Brian Dalke, Goodyear’s deputy city manager, says in his region, spending at hotels, restaurants and bars are highest in the spring training month of March. That’s also the second-highest month for general retail sales, beaten only by the holiday shopping season in December. “The impact is sizable,” Dalke says.
The two also highlight the intangible benefits of spring training. Cities that might otherwise be obscure get cachet and name recognition by serving as spring training hosts, similar to how football has put
Leaders in Charlotte County, Fla. -- which recently funded a $27.2 million stadium renovation for the Tampa Bay Rays prior to their 2009 arrival -- also emphasize the benefits of baseball that can't be measured in dollars and cents. “The value-added in having (
The stadium renovation in Charlotte County was funded by $15 million in state aid, $4 million from the Rays and about $8.2 million is from the county, the Sarasota Herald-Tribune reported. The generous package was largely the result of the years the county spent in baseball purgatory after the Texas Rangers left following the 2002 season.
Shoemaker says the team fosters a “home town spirit” and is involved with local charities. “Those kinds of things you can’t get any way else,” Shoemaker says.
Economists, on the other hand, have a different outlook. Without a doubt, they say, municipalities get a bad deal when they fund spring training stadiums.
“There’s absolutely no need for any community to invest in a sports team,” says Philip Porter, a sports economist at
Since teams move around so frequently, there’s ample data to determine whether a city suffers financially when its team leaves. But, Porter says, “nothing changes” when a team skips town. Sales tax, property values, and the size of the tax base generally remain at comparable levels, undermining the argument that the stadiums pose a vast economic benefit. “That finding is so universal as to be irrefutable,” Porter says.
A study by
Porter says studies that tout the positive economic impact of spring training – typically commissioned by state and local governments – do so by asking fans at games how much they spend while they’re visiting, then multiplying that figure by the number of people who attend games. That method is flawed, Porter says, because it doesn't account for money spent locally that actually goes to the team and leaves the area, such as ticket sales or stadium advertising purchased by local businesses.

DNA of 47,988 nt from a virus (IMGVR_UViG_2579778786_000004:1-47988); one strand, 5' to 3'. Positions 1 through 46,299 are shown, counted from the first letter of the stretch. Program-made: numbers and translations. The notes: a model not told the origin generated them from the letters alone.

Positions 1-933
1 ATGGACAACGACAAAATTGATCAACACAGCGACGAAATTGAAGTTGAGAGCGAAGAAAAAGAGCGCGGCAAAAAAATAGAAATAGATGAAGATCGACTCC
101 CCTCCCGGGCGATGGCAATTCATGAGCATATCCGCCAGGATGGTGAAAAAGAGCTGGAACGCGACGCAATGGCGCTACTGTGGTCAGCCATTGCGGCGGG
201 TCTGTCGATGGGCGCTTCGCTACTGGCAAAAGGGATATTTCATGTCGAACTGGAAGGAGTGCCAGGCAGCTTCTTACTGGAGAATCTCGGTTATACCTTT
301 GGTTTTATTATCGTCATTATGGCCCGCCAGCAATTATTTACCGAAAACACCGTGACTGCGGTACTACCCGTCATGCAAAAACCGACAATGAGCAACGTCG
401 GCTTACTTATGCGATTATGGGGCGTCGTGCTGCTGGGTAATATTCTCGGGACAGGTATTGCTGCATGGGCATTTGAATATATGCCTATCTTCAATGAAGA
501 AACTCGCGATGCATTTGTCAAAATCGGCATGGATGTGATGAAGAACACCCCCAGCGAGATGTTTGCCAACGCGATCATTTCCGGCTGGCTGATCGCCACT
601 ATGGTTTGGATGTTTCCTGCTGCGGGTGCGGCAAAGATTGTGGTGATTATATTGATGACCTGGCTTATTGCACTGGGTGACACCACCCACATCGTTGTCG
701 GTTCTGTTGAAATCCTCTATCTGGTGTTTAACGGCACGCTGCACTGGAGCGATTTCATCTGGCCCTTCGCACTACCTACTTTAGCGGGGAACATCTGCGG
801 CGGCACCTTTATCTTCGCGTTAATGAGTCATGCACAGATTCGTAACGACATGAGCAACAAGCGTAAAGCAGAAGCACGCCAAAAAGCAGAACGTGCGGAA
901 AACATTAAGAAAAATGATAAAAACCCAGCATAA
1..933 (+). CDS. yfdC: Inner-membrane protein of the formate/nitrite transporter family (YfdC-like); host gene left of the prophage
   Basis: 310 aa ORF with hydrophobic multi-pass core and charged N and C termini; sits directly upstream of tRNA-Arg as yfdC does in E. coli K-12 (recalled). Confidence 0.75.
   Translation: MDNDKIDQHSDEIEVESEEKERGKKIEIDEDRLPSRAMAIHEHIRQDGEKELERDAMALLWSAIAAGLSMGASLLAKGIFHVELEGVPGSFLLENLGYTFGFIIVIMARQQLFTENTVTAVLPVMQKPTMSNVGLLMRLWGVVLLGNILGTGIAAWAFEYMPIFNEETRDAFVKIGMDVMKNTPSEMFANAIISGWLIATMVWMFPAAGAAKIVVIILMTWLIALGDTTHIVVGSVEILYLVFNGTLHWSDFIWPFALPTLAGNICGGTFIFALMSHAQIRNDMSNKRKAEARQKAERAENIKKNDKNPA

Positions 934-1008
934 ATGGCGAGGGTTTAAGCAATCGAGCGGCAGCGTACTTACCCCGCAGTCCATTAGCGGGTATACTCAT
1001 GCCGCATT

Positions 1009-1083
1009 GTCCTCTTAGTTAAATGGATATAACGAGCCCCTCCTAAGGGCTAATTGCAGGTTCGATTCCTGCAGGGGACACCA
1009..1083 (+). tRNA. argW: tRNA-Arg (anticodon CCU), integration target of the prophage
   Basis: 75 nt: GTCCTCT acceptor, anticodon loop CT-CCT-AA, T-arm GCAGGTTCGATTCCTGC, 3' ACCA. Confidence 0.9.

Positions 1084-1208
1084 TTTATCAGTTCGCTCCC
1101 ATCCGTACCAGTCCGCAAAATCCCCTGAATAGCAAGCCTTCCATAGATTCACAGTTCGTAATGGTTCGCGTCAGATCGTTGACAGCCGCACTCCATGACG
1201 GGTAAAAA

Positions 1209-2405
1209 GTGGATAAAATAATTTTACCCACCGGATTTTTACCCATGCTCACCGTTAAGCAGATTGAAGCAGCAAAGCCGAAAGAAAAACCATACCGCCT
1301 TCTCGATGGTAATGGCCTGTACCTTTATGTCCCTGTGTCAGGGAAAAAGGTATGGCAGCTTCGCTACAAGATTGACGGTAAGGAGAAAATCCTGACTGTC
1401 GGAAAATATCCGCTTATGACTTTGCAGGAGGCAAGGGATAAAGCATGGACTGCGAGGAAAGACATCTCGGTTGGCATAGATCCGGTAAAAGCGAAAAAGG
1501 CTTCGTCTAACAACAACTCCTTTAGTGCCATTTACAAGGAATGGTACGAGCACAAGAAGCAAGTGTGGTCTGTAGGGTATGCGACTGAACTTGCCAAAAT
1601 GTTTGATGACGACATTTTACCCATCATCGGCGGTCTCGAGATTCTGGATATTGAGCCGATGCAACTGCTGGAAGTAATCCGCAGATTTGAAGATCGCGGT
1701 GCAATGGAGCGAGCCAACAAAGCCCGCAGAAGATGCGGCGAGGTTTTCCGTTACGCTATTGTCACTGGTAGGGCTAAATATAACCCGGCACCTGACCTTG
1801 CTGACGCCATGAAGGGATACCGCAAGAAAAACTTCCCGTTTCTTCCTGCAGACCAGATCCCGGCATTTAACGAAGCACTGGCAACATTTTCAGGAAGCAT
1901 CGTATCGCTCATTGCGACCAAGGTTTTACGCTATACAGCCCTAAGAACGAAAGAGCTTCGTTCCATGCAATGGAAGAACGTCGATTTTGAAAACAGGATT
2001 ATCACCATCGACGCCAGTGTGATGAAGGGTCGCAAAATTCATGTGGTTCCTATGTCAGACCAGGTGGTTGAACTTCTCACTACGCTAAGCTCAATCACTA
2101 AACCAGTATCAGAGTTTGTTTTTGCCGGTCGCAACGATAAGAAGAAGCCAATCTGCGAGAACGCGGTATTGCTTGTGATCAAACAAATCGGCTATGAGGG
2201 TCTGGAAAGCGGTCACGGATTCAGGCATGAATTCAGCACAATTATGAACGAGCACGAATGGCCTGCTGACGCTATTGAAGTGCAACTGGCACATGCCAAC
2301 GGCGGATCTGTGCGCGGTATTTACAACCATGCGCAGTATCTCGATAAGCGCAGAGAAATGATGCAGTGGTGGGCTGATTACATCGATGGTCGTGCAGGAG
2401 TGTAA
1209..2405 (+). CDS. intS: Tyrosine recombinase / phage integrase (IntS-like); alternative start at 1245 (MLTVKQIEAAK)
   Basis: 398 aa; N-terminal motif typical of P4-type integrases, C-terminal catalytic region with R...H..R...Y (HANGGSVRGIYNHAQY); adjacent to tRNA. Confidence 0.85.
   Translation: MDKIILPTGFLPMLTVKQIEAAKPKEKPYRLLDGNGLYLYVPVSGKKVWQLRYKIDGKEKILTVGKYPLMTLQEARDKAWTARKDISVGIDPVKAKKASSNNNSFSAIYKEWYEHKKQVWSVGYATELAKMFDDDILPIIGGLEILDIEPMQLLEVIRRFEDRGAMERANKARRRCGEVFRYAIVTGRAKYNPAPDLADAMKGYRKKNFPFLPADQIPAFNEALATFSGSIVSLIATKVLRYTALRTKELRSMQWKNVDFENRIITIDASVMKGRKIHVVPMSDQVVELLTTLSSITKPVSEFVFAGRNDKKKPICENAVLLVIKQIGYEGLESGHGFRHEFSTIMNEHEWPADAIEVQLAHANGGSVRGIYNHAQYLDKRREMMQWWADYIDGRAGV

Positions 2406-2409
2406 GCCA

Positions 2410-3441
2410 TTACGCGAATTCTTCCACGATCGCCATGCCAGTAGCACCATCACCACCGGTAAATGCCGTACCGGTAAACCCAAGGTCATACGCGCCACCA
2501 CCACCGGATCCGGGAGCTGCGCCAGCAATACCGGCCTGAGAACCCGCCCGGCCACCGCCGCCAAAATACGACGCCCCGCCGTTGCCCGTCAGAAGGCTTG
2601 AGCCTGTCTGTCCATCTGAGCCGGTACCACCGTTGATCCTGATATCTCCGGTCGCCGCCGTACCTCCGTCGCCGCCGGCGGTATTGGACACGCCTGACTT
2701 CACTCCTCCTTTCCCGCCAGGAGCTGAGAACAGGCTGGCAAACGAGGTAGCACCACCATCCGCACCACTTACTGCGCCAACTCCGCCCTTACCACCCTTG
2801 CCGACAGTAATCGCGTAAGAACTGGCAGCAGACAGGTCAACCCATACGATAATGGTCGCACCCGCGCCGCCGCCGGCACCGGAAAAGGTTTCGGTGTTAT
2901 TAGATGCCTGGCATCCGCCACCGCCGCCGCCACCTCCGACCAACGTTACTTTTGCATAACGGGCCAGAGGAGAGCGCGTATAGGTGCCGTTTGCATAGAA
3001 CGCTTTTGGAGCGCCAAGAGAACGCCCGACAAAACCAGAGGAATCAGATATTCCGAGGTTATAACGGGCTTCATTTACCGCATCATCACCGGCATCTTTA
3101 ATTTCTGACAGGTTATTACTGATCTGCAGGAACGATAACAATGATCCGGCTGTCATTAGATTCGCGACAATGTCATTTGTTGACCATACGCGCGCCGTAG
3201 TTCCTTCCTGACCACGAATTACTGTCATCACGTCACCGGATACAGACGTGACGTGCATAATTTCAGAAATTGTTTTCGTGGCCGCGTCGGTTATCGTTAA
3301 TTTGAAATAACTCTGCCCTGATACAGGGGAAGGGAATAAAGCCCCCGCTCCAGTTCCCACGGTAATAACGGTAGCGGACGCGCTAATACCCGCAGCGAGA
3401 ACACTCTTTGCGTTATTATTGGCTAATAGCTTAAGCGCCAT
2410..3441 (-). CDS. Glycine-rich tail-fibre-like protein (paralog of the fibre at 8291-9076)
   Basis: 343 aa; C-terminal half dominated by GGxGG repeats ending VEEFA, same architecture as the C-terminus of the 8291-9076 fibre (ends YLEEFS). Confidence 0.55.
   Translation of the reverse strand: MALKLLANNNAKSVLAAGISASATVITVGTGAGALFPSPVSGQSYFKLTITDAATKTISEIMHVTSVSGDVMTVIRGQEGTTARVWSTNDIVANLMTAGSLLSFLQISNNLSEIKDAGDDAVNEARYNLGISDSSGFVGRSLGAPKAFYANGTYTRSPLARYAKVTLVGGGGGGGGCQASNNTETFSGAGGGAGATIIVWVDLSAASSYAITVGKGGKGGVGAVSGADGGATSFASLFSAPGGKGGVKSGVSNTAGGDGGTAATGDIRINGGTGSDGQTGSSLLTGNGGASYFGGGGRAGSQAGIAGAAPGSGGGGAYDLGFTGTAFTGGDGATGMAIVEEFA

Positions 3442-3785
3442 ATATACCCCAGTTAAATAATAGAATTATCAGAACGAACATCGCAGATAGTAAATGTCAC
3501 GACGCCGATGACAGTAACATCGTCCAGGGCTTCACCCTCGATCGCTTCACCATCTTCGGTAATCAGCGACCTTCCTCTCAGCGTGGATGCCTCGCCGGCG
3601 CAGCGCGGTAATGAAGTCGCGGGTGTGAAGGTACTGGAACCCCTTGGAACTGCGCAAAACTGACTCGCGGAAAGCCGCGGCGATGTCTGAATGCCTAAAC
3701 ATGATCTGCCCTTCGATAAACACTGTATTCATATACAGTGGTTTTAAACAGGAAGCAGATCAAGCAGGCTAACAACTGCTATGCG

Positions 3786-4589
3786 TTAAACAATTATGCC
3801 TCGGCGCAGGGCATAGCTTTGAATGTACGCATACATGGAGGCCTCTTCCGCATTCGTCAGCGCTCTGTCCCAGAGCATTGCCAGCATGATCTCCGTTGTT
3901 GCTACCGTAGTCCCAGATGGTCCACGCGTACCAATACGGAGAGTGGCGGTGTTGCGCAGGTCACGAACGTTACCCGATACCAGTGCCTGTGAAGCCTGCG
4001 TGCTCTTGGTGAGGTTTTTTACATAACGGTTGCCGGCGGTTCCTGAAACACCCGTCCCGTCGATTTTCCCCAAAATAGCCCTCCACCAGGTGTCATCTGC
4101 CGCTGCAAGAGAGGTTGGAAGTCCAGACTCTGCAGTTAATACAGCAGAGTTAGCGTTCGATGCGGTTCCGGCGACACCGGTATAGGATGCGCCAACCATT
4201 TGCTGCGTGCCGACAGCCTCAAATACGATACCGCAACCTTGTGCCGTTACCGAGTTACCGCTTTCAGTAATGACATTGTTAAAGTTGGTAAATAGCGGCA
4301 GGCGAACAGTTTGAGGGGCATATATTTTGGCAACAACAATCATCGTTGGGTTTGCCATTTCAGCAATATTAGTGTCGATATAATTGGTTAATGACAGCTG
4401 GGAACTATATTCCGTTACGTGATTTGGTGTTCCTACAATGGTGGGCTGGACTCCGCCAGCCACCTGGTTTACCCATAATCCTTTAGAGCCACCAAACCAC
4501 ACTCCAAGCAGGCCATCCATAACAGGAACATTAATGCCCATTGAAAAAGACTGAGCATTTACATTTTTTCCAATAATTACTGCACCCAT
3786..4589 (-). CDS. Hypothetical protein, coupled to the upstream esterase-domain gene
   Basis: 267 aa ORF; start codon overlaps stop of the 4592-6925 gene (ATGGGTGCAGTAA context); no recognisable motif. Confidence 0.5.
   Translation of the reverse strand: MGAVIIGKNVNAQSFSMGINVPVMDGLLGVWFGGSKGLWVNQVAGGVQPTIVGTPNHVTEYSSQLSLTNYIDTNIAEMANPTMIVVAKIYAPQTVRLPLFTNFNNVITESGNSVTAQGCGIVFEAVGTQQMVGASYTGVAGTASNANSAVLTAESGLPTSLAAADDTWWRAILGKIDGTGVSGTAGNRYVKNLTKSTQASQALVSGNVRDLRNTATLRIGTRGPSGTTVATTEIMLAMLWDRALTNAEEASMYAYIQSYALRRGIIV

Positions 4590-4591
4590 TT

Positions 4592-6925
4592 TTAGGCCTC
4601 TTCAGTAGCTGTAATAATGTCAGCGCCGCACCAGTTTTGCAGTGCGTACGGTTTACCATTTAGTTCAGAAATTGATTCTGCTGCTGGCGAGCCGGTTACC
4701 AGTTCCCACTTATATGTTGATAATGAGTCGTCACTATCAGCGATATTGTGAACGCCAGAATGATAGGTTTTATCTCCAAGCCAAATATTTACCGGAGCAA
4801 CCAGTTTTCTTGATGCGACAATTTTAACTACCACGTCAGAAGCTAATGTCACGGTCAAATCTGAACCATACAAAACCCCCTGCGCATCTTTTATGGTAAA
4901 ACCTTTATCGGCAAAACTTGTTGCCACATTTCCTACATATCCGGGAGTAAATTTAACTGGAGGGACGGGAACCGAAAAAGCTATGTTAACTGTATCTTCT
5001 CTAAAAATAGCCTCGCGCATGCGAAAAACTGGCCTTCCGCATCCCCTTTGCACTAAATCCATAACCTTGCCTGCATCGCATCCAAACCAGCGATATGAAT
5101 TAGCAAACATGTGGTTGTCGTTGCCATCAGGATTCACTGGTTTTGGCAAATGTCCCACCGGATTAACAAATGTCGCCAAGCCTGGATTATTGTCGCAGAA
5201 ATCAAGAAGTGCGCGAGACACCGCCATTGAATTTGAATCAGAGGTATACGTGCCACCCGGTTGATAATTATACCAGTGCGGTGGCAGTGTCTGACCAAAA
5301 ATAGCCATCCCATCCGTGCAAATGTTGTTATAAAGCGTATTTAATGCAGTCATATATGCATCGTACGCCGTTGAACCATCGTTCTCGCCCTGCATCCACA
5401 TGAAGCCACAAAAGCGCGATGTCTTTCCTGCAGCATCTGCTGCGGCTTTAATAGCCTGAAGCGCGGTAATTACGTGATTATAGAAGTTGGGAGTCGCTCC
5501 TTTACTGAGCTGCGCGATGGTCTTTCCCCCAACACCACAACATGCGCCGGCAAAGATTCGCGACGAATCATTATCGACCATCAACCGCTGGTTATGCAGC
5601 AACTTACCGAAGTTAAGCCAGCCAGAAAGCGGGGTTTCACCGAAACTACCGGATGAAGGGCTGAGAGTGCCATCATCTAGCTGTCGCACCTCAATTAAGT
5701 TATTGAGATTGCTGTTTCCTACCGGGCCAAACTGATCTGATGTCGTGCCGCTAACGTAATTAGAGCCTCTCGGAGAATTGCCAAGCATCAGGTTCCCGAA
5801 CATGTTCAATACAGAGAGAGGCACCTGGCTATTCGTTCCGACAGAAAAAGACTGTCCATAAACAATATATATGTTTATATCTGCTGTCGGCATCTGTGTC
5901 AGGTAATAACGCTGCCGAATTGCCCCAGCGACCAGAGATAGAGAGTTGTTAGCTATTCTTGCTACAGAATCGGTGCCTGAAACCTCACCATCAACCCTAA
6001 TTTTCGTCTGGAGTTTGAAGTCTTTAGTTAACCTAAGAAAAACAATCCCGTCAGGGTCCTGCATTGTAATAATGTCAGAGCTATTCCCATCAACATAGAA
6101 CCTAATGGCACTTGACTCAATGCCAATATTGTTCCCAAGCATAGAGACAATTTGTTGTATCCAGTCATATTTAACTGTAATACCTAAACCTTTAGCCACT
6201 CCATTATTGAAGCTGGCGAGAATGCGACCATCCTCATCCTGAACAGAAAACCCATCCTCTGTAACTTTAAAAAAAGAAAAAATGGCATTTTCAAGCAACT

“Essentially you bring a team into the community, you’re not charging them anything for rent, and you’re inviting them to sell things to your community,” Porter says.
Critics also say many people visiting
“Baseball is important, but it’s a very small flash in the pan of our entire tourist industry,” says Bigelow, of
In the case of
“We knew we wouldn’t go into another spring training agreement unless it was a mutually beneficial deal,” Stavres says. Goodyear, meanwhile, gave the Indians a deal
When the team left, Stavres says, “businesses felt the pinch.” Though city sales tax revenue fell $133,000 the year after the team left, that was just a fraction of what it cost to operate the stadium. Ironically, the stadium that at one time was once synonymous with
But 90 miles south Charlotte County is still having its baseball honeymoon. The Rays entered 2009, their first season in Charlotte County, as the reigning American League champions and have continued to be successful. The community has embraced the team largely because during the regular season, it plays in nearby Tampa, making it a true home town team.
Shoemaker, the county official, compared the expense of a stadium to public money spent on parks, libraries and other amenities that make a community an enjoyable place to live. “You as a community decide what quality-of-life items are important to have in your backyard,” Shoemaker says. “It’s just the decision you make. If that’s an expense you want to pay for, that’s what you pay to do business.”